In 1795 - the year Napoleon Bonaparte was appointed commander-in-chief in Italy - the seventeen-year-old Jean-Nicolas-Auguste Noel entered the Artillery School at Chalons. A year later, with Napoleon proclaiming himself the liberator of Italy, Noel was appointed second lieutenant in the 8th Regiment of Horse Artillery. Written in 1850, With Napoleon's Guns is his remarkable memoir of twenty years in the Emperor's service. A trained artilleryman himself, Napoleon dramatically transformed the role of the artillery from a cumbersome and tactically limited force into fluid, independent and highly mobile trains d'artillerie. This new organisation required fresh new officers - officers with intelligence who could act under their own initiative: officers such as Noel. From the optimism of the early years in Italy, through the privations of the retreat from Moscow and the horrors of the Battle of Leipzig, to the disillusionment of the Emperor's decline, Noel charts both his personal career and, at close hand, the trajectory of the First Empire with frankness and percipience. Based on the journal he kept from his cadetship at Chalons, With Napoleon's Guns is a dignified and revealing account of an officer at the heart of Napoleon's army.In 1795 - the year Napoleon Bonaparte was appointed commander-in-chief in Italy - the seventeen-year-old Jean-Nicolas-Auguste Noel entered the Artillery School at Chalons. A year later, with Napoleon proclaiming himself the liberator of Italy, Noel was appointed second lieutenant in the 8th Regiment of Horse Artillery. Written in 1850, With Napoleon's Guns is his remarkable memoir of twenty years in the Emperor's service. A trained artilleryman himself, Napoleon dramatically transformed the role of the artillery from a cumbersome and tactically limited force into fluid, independent and highly mobile trains d'artillerie. This new organisation required fresh new officers - officers with intelligence who could act under their own initiative: officers such as Noel. From the optimism of the early years in Italy, through the privations of the retreat from Moscow and the horrors of the Battle of Leipzig, to the disillusionment of the Emperor's decline, Noel charts both his personal career and, at close hand, the trajectory of the First Empire with frankness and percipience. Based on the journal he kept from his cadetship at Chalons, With Napoleon's Guns is a dignified and revealing account of an officer at the heart of Napoleon's army.In 1795 - the year Napoleon Bonaparte was appointed commander-in-chief in Italy - the seventeen-year-old Jean-Nicolas-Auguste Noel entered the Artillery School at Chalons. A year later, with Napoleon proclaiming himself the liberator of Italy, Noel was appointed second lieutenant in the 8th Regiment of Horse Artillery. Written in 1850, With Napoleon's Guns is his remarkable memoir of twenty years in the Emperor's service. A trained artilleryman himself, Napoleon dramatically transformed the role of the artillery from a cumbersome and tactically limited force into fluid, independent and highly mobile trains d'artillerie. This new organisation required fresh new officers - officers with intelligence who could act under their own initiative: officers such as Noel. From the optimism of the early years in Italy, through the privations of the retreat from Moscow and the horrors of the Battle of Leipzig, to the disillusionment of the Emperor's decline, Noel charts both his personal career and, at close hand, the trajectory of the First Empire with frankness and percipience. Based on the journal he kept from his cadetship at Chalons, With Napoleon's Guns is a dignified and revealing account of an officer at the heart of Napoleon's army.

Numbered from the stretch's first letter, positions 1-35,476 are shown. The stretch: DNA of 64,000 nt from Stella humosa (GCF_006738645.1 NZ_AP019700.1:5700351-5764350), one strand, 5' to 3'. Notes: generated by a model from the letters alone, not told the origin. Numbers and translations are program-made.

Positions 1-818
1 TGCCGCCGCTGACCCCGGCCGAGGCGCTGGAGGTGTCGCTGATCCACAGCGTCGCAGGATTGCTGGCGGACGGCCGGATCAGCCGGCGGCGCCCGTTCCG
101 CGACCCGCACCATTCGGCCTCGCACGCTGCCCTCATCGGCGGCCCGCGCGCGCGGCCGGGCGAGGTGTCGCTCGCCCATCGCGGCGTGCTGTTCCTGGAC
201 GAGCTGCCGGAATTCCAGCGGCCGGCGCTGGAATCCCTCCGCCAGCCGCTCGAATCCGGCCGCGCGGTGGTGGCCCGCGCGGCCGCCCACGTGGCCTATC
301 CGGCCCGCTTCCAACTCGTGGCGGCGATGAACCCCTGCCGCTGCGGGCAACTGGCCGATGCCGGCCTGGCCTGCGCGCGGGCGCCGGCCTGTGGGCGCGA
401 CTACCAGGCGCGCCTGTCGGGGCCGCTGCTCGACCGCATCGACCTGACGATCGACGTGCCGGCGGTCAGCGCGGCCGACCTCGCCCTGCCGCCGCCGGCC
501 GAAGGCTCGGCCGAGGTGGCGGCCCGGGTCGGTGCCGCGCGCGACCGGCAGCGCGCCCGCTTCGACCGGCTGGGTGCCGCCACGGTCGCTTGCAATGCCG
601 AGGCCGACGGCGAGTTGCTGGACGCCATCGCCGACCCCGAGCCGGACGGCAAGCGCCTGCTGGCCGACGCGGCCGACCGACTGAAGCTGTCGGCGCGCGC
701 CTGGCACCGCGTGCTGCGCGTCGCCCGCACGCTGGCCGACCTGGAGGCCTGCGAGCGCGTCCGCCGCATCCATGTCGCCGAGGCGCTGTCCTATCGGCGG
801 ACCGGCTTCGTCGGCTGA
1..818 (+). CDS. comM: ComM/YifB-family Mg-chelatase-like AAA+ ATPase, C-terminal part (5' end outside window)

If not a field marshal's baton, what did Napoleon's soldiers really carry in their backpacks? ??Napoleon's Infantry Handbook is an essential reference guide, filled with fascinating detail on the training, tactics, equipment, service and administration of Napoleon's infantry regiments. Based on contemporary training manuals, regulations and orders, Napoleon's Infantry Handbook details the everyday routines and practises which governed the imperial army up to the Battle of Waterloo and made it one of history's most formidable military machines. ??Through years of research, Terry Crowdy has amassed a huge wealth of information on every aspect of the infantryman's existence, from weapons drill and maintenance, uniform regulations, pay, diet, cooking regulations, hygiene and latrine digging, medical care, burial of the dead, how to apply for leave and so on. This remarkable book fills in the gaps left by campaign histories and even eyewitness memoirs, which often omit such details. This book doesn't merely recount what Napoleon's armies did, it explains how they did it. The result is a unique guide to the everyday life of Napoleon's infantry soldiers.